A Not-So-Happy Hour?

A letter that appeared in The Washington Evening Star.

Drivers were ecstatic during the Beltway’s first few months of operation. Destinations that could once only be reached via narrow, slow roads were now accessible by this massive and quick-moving highway. Newspapers ran letters from commuters praising the new road. Korr says there was even a possibly apocryphal story from this time that said local bars were losing business because workers could no longer tell their wives they’d been stuck in traffic when they were really grabbing a drink. But the Beltway’s problems soon became apparent.

5 Minutes

The time it took for the first traffic jam to form on the Beltway after it opened. A crowd of thousands had gathered for the inaugural ceremony, then dashed to their cars as soon as the ribbon was cut. This caused a two-mile-long jam at the New Hampshire Avenue interchange in Hillandale that took 20 minutes to clear—an ominous sign of the road’s future.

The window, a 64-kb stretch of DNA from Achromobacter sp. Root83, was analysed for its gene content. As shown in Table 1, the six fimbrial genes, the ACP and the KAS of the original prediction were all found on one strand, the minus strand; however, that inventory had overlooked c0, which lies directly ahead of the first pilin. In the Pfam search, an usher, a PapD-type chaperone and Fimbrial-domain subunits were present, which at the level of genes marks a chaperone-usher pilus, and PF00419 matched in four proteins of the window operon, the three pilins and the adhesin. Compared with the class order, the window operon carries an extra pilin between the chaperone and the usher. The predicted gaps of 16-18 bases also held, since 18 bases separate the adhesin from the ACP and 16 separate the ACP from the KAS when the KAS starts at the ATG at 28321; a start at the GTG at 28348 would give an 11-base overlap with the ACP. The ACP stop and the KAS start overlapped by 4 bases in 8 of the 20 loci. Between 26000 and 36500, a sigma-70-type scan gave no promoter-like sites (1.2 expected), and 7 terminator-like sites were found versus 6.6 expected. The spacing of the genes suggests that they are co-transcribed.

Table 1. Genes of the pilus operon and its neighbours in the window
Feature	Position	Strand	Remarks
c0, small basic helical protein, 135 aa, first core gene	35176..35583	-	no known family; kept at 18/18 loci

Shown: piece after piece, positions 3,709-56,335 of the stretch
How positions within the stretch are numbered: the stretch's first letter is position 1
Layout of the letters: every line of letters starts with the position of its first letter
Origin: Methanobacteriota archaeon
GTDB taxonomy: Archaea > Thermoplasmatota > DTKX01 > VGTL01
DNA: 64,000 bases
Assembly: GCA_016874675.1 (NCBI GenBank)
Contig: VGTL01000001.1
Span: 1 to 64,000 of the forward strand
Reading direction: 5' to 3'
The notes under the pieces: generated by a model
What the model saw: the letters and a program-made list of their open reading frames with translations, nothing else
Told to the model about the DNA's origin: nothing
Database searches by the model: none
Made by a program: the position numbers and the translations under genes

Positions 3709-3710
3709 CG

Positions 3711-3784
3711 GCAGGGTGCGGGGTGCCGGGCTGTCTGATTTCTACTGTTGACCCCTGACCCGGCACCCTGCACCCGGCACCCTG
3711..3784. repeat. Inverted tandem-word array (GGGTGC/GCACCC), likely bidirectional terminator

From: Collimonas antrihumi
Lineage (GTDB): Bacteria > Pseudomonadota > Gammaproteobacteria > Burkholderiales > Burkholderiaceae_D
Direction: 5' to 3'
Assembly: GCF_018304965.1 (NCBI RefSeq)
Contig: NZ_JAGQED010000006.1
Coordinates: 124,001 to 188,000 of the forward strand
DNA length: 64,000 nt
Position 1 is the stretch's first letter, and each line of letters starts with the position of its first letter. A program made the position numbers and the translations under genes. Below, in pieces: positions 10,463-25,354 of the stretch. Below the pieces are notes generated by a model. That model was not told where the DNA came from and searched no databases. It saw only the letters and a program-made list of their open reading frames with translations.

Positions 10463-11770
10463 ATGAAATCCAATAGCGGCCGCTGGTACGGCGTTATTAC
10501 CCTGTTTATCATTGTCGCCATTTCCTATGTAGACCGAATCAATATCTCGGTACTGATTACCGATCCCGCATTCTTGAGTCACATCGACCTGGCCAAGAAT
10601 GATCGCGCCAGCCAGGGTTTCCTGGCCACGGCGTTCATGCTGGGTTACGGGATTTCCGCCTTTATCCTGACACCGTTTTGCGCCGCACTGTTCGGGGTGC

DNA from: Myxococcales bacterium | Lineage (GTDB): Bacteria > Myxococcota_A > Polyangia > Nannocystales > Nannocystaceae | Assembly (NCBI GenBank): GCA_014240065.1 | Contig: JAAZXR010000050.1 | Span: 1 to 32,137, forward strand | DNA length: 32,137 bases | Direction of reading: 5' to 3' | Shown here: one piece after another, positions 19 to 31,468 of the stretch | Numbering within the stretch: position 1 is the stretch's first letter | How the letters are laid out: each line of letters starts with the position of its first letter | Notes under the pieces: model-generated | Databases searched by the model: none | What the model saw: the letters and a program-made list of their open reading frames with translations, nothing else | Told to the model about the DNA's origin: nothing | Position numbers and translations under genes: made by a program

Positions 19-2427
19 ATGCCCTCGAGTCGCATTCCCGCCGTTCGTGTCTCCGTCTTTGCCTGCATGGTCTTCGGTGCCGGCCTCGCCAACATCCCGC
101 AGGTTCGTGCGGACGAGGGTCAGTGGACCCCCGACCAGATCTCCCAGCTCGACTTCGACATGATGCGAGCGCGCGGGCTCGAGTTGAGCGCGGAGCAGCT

“I’ll never get out of here . . . I’m tempted to walk home and come back tonight for my car.”

—A quote from a “pipe-smoking driver” trapped in the Beltway’s first bumper-to-bumper traffic, appearing in the Washington Post’s coverage of the opening.


The number of vehicles per day Maryland traffic officials expected to use that state’s portion of the Beltway.

1 Year

Time it took to top that estimate. Further increases in traffic rose much sharper than engineers predicted. Today the busiest sections of the Beltway can average 200,000 to 225,000 vehicles a day.